by Mark D Hardison, CPO
December 1, 2000
Reprint Protection News

"Central Monitoring Station calling Building Patrol… Patrol, I have a DURESS ALARM indication in the East Lobby… go to that area and report back."

Have you ever hear this kind of a call at your facility? Most of us have, but how often have we considered the consequences of making that call? Especially if this were a real duress situation. If the "bad guys" have access to a radio, or can overhear yours, this may have just become a hostage situation, or even worse. One of your best defensive measures in using a radio to relay sensitive information, is maintaining the confidentiality of the information transmitted. But you need to remember, others may well be listening in. An eye-opening experience for me (twenty years ago) was when a friend introduced me to scanners that did not require the use of crystals. These units synthesized the frequency, and may be capable of checking thousands of our channels. Even modern "trunked" radios are not immune; certain scanners can even follow the trunked calls. With his scanner, radio traffic from government, industry, hams, and volunteer groups was now readily available, even when it was obviously assumed to be private.

Will the use of radio codes help? It may, but your responding personnel must be instantly familiar with the codes. Even then, the "bad guy" may figure out the call from the location given. Your responders will need to know where they are going, and why, yet you need to be sure that the "bad guy" does not know that they are coming. Also, you may want to guard against innocent eavesdropping by your own employees; for instance, the friend in accounting that you just said "Hi!" to.

One of the most secure means of sending the information is over the telephone. While it is a simple matter to ask for a return call, it can help to have a coded phrase to help the responders know that this is an emergency. It is a real bonus if the coded phrase is misleading to bystanders. This coded phrase can also be used in checking a post that a duress alarm was received from.

In the military, we called this a "Duress Phrase." It was defined as "a word or phrase that can be introduced into everyday conversation, without arousing suspicion." The phrase would need to be simple, common; and yet easily recognized and understood by all the responders. If you institute the use of a phrase like this, you may want to have more that one word or phrase available: it is a good idea to change it periodically.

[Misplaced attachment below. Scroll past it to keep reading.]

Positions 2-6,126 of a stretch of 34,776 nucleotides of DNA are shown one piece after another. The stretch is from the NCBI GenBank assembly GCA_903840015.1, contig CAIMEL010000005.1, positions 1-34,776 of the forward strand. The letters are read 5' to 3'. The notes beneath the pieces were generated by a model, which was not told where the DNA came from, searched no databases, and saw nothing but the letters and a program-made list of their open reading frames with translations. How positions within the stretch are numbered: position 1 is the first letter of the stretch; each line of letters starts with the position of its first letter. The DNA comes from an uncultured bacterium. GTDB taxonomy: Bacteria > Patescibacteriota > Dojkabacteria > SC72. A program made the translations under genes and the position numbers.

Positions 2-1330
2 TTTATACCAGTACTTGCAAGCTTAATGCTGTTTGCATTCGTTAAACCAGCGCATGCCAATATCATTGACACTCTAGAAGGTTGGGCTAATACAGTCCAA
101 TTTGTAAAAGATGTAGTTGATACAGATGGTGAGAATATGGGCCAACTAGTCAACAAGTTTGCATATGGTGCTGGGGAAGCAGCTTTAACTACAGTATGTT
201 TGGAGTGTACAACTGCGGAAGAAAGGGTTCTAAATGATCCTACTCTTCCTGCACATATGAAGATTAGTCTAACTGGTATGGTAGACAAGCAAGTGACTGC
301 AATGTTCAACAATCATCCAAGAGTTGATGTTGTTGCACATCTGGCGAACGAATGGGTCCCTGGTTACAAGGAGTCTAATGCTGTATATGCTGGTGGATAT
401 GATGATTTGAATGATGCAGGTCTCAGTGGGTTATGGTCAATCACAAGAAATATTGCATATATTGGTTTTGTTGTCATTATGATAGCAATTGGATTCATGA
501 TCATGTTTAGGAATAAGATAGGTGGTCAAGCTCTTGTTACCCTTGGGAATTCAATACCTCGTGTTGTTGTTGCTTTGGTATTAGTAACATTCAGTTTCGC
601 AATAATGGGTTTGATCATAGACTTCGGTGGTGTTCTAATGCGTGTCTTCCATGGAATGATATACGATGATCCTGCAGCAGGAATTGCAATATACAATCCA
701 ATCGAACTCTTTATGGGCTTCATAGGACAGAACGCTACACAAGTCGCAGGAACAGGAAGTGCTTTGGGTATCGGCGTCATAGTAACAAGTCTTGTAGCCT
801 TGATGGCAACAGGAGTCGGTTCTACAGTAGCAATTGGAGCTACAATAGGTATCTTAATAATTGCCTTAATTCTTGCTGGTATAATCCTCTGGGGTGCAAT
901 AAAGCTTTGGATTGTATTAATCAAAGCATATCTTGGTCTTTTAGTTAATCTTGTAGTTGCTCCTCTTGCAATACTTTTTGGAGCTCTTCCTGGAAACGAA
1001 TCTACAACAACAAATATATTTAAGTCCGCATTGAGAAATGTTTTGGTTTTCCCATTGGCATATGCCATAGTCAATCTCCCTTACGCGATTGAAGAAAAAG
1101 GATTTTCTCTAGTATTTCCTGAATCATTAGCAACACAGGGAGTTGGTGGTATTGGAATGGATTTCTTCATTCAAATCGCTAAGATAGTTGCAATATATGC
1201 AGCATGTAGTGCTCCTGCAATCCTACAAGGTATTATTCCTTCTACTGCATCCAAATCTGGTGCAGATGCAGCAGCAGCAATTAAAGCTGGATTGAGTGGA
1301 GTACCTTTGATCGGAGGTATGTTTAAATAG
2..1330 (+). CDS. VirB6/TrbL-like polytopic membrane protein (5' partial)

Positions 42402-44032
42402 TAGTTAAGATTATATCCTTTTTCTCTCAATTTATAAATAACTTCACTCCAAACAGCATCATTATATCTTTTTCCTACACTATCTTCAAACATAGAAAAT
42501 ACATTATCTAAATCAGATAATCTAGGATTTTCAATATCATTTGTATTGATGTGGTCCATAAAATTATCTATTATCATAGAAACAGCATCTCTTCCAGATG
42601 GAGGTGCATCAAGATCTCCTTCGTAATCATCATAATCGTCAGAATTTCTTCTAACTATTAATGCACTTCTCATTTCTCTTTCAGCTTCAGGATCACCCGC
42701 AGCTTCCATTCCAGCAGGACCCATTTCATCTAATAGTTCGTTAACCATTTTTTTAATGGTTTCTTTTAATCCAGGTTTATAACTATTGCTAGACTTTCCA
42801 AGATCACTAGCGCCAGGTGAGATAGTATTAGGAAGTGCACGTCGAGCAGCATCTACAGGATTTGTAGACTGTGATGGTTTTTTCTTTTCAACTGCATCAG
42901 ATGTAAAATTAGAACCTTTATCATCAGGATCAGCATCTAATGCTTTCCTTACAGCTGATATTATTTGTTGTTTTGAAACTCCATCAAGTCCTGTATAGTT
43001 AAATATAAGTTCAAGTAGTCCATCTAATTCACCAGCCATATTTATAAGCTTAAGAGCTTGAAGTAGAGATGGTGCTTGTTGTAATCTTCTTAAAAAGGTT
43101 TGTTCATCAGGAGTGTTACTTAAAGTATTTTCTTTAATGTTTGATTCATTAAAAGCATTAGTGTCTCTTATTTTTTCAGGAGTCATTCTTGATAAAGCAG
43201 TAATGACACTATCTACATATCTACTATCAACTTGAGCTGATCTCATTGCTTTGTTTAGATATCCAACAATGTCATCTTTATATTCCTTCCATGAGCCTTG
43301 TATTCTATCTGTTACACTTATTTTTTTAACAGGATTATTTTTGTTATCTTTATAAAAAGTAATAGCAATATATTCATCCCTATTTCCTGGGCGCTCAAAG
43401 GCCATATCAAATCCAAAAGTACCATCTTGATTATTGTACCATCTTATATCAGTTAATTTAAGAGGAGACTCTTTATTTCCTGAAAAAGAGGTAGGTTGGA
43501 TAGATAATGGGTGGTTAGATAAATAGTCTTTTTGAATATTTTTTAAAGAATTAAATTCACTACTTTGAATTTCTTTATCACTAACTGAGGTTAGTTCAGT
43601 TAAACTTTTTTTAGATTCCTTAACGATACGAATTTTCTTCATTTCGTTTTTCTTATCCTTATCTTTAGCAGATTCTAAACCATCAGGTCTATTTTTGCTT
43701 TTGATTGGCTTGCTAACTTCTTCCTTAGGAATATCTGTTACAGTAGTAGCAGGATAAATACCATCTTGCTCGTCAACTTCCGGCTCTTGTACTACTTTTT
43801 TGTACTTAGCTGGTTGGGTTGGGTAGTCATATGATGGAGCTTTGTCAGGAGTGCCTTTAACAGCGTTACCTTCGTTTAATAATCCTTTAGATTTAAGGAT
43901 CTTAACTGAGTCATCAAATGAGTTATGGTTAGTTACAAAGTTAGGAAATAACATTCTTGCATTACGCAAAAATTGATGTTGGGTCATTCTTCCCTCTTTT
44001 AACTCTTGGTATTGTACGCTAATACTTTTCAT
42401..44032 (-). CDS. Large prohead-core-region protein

If a duress alarm is received, it then is a simple matter to ask the Patrol Officer to check the electric meter; or ask if the First Aid kit is open. Depending on your facility, there are many possibilities. The traffic hypothesized at the beginning could have gone like this…

"Central Monitoring Station to Building Patrol… Can you give me the current reading on the Alpha station electric meter?"

This helps to keep those who do not "need to know" from knowing. In addition to keeping the traffic secure from the "bad guys", it can also help to prevent your own personnel (non-responders, the person next to you in the break room, and so forth), from being disturbed by what may well be a false alarm.

In addition to checking the cameras of the area that the duress alarm was received from, you may also use the telephone and a duress phrase. Extreme caution must be used in this case. You must avoid giving alarm to the suspected bad guy, who may listen in over the speakerphone. Your question should give the person at the duress location a way to answer that does not arouse suspicion. For example, you could ask if the person has seen your boss go past. Any question that gives the person under duress a chance to use the duress phrase will work. "No, I haven't seen John Doe lately; wasn't he supposed to check the Alpha station electric meter?"

Consider the use of a Duress Phrase, to improve your communication security, and to protect your most important asset: your people.

Mark D Hardison is a CPO, currently employed as a Console Operator by a major financial services corporation, in Phoenix, Arizona. He has been in the security field for over twenty years, including time as Military Policeman, and as a federal Civil Service employee. He is a member of the IFPO.